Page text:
Eddie Gossage, president of Texas Motor Speedway, defended Phil Robertson’s prayer before Saturday night’s Duck Commander 500 Sprint Cup race, according to the Fort Worth Star-Telegram.
Before Robertson prayed, he told the crowd: “We got here via Bibles and guns. I’m fixing to pray to the one that made that possible.”
Robertson concluded his prayer by saying: “I pray father that we put a Jesus man in the White House. Help us do that and help us all to repent, to do what is right, to love you more and to love each other. In the name of Jesus, I pray, amen.”
“He said what he felt and believed, and there are a lot of people that agree with him, and a lot that disagree with him,” Gossage told the Fort Worth Star-Telegram. “Nowadays, you cannot say what you think because of political correctness. So I guess everyone has a right to free speech, or nobody does.”
Gossage noted singer Bruce Springsteen’s actions in light of a recent North Carolina law that limits legal protections for LGBT individuals.
“Bruce Springsteen cancels his show in North Carolina on his viewpoints (on that state’s law), and a lot of people agreed with him and a lot of people disagree with him,” Gossage said. “I defend Bruce Springsteen’s rights to take his position and, if you do that, then you’ve got to defend everybody else’s, too.”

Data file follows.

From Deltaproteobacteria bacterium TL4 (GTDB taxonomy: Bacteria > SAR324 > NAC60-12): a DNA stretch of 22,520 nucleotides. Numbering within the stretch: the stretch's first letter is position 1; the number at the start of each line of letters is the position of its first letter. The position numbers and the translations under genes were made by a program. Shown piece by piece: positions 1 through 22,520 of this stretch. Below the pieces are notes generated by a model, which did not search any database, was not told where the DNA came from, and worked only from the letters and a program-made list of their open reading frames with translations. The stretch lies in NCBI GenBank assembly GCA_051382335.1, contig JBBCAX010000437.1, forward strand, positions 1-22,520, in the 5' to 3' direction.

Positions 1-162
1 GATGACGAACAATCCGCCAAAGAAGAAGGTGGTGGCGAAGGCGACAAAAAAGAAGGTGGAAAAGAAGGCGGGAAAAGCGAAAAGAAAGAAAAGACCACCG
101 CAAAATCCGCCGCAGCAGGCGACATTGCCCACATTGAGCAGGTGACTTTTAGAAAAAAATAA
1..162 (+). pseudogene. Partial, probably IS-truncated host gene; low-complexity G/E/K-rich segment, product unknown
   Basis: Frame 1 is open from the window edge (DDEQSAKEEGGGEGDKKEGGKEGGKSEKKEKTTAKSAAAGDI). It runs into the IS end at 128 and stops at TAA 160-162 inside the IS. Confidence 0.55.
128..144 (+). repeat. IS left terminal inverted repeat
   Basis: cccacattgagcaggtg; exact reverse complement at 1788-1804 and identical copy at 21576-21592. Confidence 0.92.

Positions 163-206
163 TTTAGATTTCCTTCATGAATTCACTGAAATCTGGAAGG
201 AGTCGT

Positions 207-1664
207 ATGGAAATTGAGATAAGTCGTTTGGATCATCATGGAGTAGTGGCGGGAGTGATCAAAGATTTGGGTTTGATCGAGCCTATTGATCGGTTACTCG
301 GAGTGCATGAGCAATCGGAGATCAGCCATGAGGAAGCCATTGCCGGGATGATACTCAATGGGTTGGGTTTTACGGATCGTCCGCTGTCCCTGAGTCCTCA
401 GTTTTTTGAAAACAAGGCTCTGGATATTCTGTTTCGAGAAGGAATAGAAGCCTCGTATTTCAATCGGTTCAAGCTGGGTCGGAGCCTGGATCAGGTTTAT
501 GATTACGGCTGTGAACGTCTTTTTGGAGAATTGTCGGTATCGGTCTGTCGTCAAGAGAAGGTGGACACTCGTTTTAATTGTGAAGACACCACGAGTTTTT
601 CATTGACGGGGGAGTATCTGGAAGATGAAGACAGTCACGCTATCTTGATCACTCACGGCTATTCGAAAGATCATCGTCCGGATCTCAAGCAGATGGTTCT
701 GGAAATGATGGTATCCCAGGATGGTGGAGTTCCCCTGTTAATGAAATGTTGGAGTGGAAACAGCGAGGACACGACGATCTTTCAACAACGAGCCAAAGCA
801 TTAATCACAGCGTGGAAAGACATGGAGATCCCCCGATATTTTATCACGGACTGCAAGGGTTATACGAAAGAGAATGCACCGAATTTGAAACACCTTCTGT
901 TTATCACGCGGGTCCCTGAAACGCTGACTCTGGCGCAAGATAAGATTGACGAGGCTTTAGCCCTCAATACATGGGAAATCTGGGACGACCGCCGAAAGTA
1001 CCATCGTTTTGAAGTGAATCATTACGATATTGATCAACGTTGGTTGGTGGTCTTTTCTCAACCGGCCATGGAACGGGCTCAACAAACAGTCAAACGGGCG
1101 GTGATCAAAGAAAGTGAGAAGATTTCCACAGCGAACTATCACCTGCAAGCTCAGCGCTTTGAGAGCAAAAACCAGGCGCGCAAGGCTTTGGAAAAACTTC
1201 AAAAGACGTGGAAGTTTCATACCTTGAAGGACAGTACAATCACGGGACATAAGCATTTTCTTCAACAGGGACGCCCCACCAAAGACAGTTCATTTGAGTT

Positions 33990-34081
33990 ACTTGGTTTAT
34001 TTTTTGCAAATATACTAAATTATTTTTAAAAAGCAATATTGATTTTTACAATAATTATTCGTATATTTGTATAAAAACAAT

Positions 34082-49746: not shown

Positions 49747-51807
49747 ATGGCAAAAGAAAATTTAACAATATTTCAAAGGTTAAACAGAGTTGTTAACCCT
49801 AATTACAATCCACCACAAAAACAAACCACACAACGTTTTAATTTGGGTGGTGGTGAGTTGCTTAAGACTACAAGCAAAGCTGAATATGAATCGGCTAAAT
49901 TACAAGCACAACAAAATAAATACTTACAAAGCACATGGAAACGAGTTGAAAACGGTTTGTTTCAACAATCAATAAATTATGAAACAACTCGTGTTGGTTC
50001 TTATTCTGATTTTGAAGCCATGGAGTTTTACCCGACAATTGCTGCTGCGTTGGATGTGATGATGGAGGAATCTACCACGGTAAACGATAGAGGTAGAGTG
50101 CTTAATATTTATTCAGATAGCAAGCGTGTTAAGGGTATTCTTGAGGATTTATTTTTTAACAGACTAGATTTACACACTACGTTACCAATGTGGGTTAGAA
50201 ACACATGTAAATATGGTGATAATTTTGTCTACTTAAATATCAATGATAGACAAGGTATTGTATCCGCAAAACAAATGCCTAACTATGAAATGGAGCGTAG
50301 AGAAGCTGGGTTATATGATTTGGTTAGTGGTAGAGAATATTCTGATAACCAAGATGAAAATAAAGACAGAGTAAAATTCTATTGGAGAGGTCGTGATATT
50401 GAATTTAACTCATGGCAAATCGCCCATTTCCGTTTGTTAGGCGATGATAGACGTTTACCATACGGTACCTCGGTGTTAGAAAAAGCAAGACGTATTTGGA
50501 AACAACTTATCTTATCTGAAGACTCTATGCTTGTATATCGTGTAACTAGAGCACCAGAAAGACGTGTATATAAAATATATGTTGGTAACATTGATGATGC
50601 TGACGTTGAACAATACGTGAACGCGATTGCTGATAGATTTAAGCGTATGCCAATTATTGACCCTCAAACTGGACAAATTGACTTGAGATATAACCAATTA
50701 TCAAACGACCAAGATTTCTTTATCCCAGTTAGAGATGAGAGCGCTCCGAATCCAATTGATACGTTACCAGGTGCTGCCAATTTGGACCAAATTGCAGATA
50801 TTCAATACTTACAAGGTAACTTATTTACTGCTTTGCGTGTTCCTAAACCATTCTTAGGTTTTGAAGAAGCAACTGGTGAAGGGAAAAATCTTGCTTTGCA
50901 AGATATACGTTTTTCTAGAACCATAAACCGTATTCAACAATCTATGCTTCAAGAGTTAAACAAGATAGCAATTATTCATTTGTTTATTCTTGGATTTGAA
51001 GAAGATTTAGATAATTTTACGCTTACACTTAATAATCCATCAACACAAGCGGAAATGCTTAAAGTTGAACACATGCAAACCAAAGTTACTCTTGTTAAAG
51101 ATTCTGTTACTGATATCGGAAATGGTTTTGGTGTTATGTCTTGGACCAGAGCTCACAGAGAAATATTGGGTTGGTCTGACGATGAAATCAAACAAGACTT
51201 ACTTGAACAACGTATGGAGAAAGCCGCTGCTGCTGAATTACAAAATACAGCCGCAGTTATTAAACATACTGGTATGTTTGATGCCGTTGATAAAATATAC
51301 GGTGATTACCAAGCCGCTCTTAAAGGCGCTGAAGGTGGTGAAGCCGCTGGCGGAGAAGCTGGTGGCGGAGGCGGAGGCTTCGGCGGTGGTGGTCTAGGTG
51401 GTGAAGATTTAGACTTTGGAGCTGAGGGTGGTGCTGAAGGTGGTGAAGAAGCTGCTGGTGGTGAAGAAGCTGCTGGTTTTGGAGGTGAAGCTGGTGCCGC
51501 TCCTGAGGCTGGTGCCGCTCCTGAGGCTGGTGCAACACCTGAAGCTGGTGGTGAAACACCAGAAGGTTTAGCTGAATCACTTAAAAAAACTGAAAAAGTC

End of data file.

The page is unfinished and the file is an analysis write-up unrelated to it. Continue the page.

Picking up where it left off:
Steve O’Donnell, NASCAR executive vice president and chief racing development officer, was asked on “The Morning Drive” about what role NASCAR has with the ceremonies before a race.
“Those are, for lack of a better term, track assets, so those are usually sold as part of their race entitlement,” O’Donnell told SiriusXM NASCAR Radio on Monday. “In this case, ‘Duck Dynasty,’ I think, had every position, the pace car driver, waving the green flag, the invocation, the anthem. All of those are usually track assets.
“We do have a group in (Los Angeles) who does work with the tracks to try and bring celebrities in whenever possible. We saw a huge group come in to (Auto Club Speedway), so from time to time, if the tracks don’t have that position filled, we’ll try to work with them. In this case, Texas had that as part of their race entitlement.”